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Darrell Berkheimer: About our waste and possible second uses

Darrell Berkheimer
Columnist
Darrell Berkheimer
Laura Mahaffy/lmahaffy@theunion.com | The Union

I have a story to tell about our wastefulness.

It’s not a new story. Probably every household — every reader who sees this story — can relate one or more similar stories about some of our modern products.

It’s about how our society builds numerous appliances and other products, knowing they will be discarded — thrown into the landfill — perhaps after only a dozen years of use. And that’s if we’re lucky to get a dozen years out of them.

Today’s story is about a refrigerator, one discarded after 11 years of use even though it basically continued to work quite well. But spouse Mary refused to endure any more repair calls and the frequent frustrations it created.

What a sad commentary on our society when still-usable large appliances are junked.

Most of the problems, and certainly the biggest frustrations, resulted from an icemaker and dispenser that clogged in two different places. Ice would jam in the maker at the top of the freezer area. And ice would jam in the tub on the inside of the door dispenser.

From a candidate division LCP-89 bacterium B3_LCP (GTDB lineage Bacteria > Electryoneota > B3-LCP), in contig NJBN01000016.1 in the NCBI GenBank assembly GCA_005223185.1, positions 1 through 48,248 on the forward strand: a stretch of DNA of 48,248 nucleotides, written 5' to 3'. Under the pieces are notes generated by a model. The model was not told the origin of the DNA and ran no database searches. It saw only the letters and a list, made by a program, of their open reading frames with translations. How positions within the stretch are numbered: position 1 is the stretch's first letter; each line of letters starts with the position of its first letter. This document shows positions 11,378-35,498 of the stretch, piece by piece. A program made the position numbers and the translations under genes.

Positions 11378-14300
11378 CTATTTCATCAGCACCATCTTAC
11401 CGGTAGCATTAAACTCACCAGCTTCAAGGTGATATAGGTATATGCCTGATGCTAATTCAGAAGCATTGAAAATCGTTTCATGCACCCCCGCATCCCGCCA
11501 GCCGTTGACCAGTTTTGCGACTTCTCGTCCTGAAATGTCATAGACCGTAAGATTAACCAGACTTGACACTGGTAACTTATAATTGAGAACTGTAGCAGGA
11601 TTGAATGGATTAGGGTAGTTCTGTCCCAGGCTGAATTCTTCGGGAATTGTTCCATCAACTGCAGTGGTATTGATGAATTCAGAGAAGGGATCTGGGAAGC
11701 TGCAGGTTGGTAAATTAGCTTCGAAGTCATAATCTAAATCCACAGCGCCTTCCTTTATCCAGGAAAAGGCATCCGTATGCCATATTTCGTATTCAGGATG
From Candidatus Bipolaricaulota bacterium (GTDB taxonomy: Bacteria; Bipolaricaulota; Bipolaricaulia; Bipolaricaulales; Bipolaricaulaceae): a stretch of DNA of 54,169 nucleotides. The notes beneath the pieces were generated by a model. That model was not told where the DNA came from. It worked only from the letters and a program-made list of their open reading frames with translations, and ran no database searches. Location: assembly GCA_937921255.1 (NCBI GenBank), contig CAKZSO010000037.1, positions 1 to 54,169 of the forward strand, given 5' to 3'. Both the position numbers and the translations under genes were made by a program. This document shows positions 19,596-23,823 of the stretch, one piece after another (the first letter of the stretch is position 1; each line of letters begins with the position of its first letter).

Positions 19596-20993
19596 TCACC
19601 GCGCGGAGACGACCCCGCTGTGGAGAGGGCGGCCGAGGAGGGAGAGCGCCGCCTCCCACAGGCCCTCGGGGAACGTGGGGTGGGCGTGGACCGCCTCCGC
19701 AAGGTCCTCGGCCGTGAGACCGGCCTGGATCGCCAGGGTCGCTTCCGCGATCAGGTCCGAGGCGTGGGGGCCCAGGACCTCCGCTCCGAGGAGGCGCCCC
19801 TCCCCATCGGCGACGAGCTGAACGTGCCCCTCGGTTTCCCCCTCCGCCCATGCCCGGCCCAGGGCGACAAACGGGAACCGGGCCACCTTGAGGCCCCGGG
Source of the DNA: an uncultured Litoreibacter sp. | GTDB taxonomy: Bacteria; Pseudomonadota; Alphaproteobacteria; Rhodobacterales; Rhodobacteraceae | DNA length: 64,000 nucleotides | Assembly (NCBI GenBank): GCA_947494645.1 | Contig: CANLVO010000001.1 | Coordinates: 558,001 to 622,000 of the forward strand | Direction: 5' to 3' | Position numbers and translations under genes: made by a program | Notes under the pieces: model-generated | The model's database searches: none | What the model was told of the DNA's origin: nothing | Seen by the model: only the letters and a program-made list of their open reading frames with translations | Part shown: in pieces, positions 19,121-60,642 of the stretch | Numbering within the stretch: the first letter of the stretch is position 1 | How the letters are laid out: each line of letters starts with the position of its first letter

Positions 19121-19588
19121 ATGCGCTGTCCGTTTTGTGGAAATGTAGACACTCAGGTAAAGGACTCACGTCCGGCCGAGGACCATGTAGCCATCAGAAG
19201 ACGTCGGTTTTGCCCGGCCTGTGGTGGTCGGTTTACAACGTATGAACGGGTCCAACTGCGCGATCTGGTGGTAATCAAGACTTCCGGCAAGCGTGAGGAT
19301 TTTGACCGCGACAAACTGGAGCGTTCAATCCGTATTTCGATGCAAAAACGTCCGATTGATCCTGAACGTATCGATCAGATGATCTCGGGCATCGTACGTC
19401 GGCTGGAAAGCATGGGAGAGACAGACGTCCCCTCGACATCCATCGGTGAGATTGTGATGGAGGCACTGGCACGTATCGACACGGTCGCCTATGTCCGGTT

Over time, it was learned that a jam in the icemaker usually just required opening the small door in front and knocking a chunk of ice loose.

But a frozen clog inside the tub would not allow the rotating rod to break loose pieces of ice into the dispenser chute, and the tub would appear frozen in place. It took brute strength to shake the tub a fraction of an inch from side-to-side to dislodge it, which inevitably would result in a mess of ice chunks on the kitchen floor when the tub finally came loose.

Mary could not do that herself. The clogs resulted in repair calls.

Finally, she learned she could handle the problem herself. But each clog meant scooping out nearly a bucket full of ice – and pouring hot water through the tub after placing towels on the floor.

Eventually, the motor operating the rotating rod had to be replaced. And then there was the time the water line clogged, creating a half-inch thick sheet of ice in the freezer bottom.

Other than those issues, the refrigerator normally worked quite well.

And after I came into Mary’s life, I was able to dislodge the ice tub, merely causing some chunks to fly to the floor.

But the growing aggravations – after 11 years – finally tipped Mary’s grievances too far into “anger-and-replace mode.” So when she saw an early November advertisement, offering nearly $700 off on a new fridge — one she already had seen and liked — she ordered it immediately. It has a bottom freezer and icemaker, and with 4 more cubic feet of total refrigerator space.

I guess it’s not unusual for many folks, when they see such a big bargain, to provide themselves with an early Christmas gift.

I thought she was over-reacting. Except for the ice clogging, it was a good fridge. And I was willing to continue dealing with those nuisance clogs. For Mary, however, they were a major source of irritation.